2019 Heatmap: Regulatory Changes Under The Trump Administration

During President Trump’s campaign for presidency, he made several claims that he would roll back financial regulations. In December 2016, we created a heatmap predicting these potential roll backs. We indicated Trump’s authority over popular financial regulations and the likelihood that those regulations would change according to his agenda.

In our new heatmap below, we tracked changes to those regulations over the past two years as well as the passing of the Economic Growth, Regulatory Relief and Consumer Protection Act in 2018. Our 2019 update illustrates what actions have been taken for each of these regulations under the Trump Administration.

2019 Heatmap:


Regulatory Changes Under The Trump Administration


Dodd-Frank Rollbacks: the Crapo Bill and Volcker 2.0

In the past month, parts of the Dodd-Frank Act have been updated through the Crapo Bill and the Volcker Rule rollback. Read on for more information on these important changes.

The Crapo Bill

Date: May 24, 2018

How: President Trump signed off on the Crapo bill, which passed the Senate and House of Representatives earlier this year.

Key changes to Dodd-Frank:

  • Banks with less than $250 billion in assets will no longer be required to undergo stress tests, whereas previously, the threshold was $50 billion.
  • A few large financial institutions, like American Express and BB&T, will no longer be deemed systemically important, allowing them to avoid stringent oversight from regulators.
  • Some loan originators, including small lenders, will be exempt from certain disclosures formerly required by the Home Mortgage Disclosure Act (HMDA).

Volcker 2.0 Update

Date: May 30, 2018

How: The Federal Reserve voted to approve Volcker 2.0, a broad proposal that eases financial crisis-era regulations on risky trading. Fed Chairman, Jerome Powell said, “Our goal is to replace overly complex and inefficient requirements with a more streamlined set of requirements.” The proposal still requires approval by four other banking regulators, but they are expected to follow the Fed’s lead.

Key changes to Dodd-Frank:

  • The level of regulator scrutiny would correspond to the amount of trading that goes on at a particular bank, which means lower compliance costs for banks with smaller trading operations.
  • Proprietary trading would still be banned under the proposed update.


8of9 Heatmap: Regulatory Changes Under President Trump

8of9 Heatmap:


Regulatory Changes Under President Trump


Spotlight on the Agency: OCC & Regulations on the Horizon

Spotlight on the Agency: OCC & Regulations on the Horizon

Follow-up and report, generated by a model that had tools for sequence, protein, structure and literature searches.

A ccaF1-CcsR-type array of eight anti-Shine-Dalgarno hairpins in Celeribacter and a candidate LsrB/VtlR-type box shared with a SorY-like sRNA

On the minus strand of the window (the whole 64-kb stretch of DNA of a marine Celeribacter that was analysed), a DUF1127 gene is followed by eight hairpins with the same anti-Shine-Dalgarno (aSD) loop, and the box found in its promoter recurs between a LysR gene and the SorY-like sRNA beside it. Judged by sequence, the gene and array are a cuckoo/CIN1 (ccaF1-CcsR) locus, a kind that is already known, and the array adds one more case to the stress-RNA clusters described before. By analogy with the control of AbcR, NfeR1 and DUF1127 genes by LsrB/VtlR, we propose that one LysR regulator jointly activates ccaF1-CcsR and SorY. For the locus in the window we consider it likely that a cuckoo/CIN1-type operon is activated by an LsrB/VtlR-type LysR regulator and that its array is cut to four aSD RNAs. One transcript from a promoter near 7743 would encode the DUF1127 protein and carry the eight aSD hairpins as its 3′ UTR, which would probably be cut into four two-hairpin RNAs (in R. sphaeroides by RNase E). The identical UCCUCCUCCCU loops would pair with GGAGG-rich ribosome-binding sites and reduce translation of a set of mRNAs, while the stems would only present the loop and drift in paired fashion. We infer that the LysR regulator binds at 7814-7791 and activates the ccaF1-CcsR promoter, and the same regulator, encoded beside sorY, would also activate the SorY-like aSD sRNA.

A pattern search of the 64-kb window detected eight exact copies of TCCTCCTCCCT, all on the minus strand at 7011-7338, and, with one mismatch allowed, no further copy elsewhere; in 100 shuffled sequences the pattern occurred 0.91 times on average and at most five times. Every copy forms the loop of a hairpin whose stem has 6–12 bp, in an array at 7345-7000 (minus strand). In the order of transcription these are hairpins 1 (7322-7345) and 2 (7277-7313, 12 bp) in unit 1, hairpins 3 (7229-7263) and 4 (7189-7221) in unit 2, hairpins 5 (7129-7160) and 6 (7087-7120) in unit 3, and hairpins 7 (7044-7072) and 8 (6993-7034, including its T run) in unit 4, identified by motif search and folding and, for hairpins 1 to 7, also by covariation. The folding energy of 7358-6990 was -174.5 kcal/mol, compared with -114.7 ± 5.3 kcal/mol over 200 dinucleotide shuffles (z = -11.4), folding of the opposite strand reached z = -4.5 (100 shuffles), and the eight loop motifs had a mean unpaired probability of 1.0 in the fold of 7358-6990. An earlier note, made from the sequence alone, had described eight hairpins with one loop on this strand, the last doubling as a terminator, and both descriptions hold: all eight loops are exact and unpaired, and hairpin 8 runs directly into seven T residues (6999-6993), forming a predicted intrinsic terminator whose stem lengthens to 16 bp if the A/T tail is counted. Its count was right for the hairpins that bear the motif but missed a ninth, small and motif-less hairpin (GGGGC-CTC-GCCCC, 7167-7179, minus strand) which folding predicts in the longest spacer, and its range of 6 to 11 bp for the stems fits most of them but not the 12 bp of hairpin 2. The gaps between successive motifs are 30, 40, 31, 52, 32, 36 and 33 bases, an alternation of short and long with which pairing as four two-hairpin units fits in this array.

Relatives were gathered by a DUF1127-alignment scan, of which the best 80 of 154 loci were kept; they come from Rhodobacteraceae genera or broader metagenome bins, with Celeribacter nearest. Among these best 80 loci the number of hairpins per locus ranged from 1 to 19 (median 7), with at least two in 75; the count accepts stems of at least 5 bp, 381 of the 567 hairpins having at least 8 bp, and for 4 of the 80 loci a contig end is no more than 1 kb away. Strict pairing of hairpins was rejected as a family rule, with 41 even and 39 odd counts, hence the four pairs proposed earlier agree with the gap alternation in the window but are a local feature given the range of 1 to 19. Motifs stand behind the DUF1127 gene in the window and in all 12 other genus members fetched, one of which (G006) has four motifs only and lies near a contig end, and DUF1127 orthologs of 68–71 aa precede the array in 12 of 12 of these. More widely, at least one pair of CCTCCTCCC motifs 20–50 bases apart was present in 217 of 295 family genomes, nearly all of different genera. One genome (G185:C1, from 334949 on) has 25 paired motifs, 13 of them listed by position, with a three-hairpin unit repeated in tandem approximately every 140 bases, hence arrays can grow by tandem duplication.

The Office of the Comptroller of the Currency (“OCC”) is an independent bureau of the U.S. Department of the Treasury[1] that charters, regulates, and supervises:

All National Banks

All Federal Savings Associations

Federal Branches and Agencies of Foreign Banks

The OCC ensures that all banks operating in the United States (both foreign and domestic) “run according to sound, safe practices and abide by all relevant regulations and laws. It also ensures that there is sufficient access to financial products and services and that customers are treated fairly.”[2]

 

As a result of the Dodd-Frank Act, the OCC merged with the Office of Thrift Supervision (“OTS”) in an effort to end lenders’ ability to shop regulators. Regulator shopping is the practice of banks/lenders picking and choosing amongst various state and federal regulators to find the most favorable rules and taxes. This merger saw the OCC take on supervision of 700+ institutions and gave the OCC rulemaking authority over national banks and federal thrifts.[3] Dodd-Frank also required the OCC to revise many of their rules on federal preemption of state law, limiting OCC authority. The agency is now required to determine preemptions on a case-by-case basis, which provides states with more power to protect consumers.[4]

 

Interesting things are coming from the OCC. The agency recently made a proposal to “grant special purpose national bank charters to fintech companies,”[5] which would allow the OCC to officially deem certain FinTech companies as “safe” and sufficiently compliant.[6] Keith Noreika, the new head of the OCC, recently commented that they are still in the “exploratory phase of this implementation.[7]

 

 

 

[1] “About the OCC” Office of the Comptroller of the Currency official website, https://www.occ.treas.gov/about/what-we-do/mission/index-about.html

[2] “What is the OCC?” Herold’s Financial Dictionary, https://www.financial-dictionary.info/terms/occ/

[3] Prior, Jon “OCC begins absorption of the OTS”, Housingwire, July 21, 2011, https://www.housingwire.com/articles/occ-begins-absorption-ots